Today we’re looking back on five of the greatest hurlers who, surprisingly, do not have an All-Star award to their name.
Some of these hurlers are All-Ireland winners while all are considered brilliant servants for their respective counties, but whether it was due to competition or circumstances, they walked away without one of the biggest individual honours for a player, an All-Star.
We’re sure there are plenty of other hurlers who deserved to make it onto this list so let us know who we missed out on in the Facebook comments.
Tom Kenny (Cork)
Tom Kenny dominated the Cork midfield for years throughout the noughties, winning three Munster titles and two All-Ireland medals in 2004 and 2005. On four occasions, he was nominated for an All-Star medal but despite his formidable presence, he retired in December 2013 without that honour.
James McGarry (Kilkenny)
James McGarry became the first-choice goalkeeper for Kilkenny in 1999, keeping a clean sheet in the All-Ireland final that year against Cork. In total, he won six All-Ireland medals with Kilkenny, starting in goals on four of those occasions. In addition to that, he won seven Leinster titles and three National League medals.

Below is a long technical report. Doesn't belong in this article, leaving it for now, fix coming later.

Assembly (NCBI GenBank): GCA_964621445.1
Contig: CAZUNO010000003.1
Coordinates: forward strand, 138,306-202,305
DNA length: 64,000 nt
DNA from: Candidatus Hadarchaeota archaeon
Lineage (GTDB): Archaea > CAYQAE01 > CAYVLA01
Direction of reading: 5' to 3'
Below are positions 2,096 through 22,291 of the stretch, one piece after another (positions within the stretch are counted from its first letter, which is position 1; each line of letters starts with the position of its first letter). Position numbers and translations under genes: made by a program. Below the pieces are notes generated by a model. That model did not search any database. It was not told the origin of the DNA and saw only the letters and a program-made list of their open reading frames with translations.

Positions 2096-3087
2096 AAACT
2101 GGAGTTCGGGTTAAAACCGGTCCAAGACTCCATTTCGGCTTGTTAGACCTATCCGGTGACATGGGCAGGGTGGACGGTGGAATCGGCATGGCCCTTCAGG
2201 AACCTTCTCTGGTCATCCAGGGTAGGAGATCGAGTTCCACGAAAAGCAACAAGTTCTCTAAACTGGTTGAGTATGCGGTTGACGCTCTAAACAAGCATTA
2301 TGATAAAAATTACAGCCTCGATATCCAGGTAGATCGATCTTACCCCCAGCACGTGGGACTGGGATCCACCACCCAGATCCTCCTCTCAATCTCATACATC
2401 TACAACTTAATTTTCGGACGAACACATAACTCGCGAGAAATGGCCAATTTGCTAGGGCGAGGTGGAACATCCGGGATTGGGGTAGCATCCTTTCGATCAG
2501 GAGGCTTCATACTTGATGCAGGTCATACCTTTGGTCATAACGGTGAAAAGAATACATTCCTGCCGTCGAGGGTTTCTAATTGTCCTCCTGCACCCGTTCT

Donal O’Grady (Limerick)
Donal O’Grady has become one of the most iconic figures in Limerick hurling since the turn of the millennium. He lined out in the 2007 All-Ireland final and was captain of the Treaty team that won Munster honours in 2013 for the first time in 17 years.
John O’Brien (Tipperary)
A pivotal member of their 2010 All-Ireland winning side, John O’Brien retired from inter-county hurling in 2014 with two All-Ireland medals and five Munster titles to his name. During his 13-year career, O’Brien was a regular starter for the Premier County and made 36 championship appearances, scoring 3-45 during that time.
Gerry McInerney (Galway)
One of the most recognisable Galway hurlers of all-time, Gerry McInerney won two All-Ireland medals with the Tribesmen in 1987 and 1988 as part of a legendary half-back line that included Pete Finnerty and Tony Keady. McInerney spent the latter half of the 80s in New York but used to travel home every August for the All-Ireland semi-finals and finals.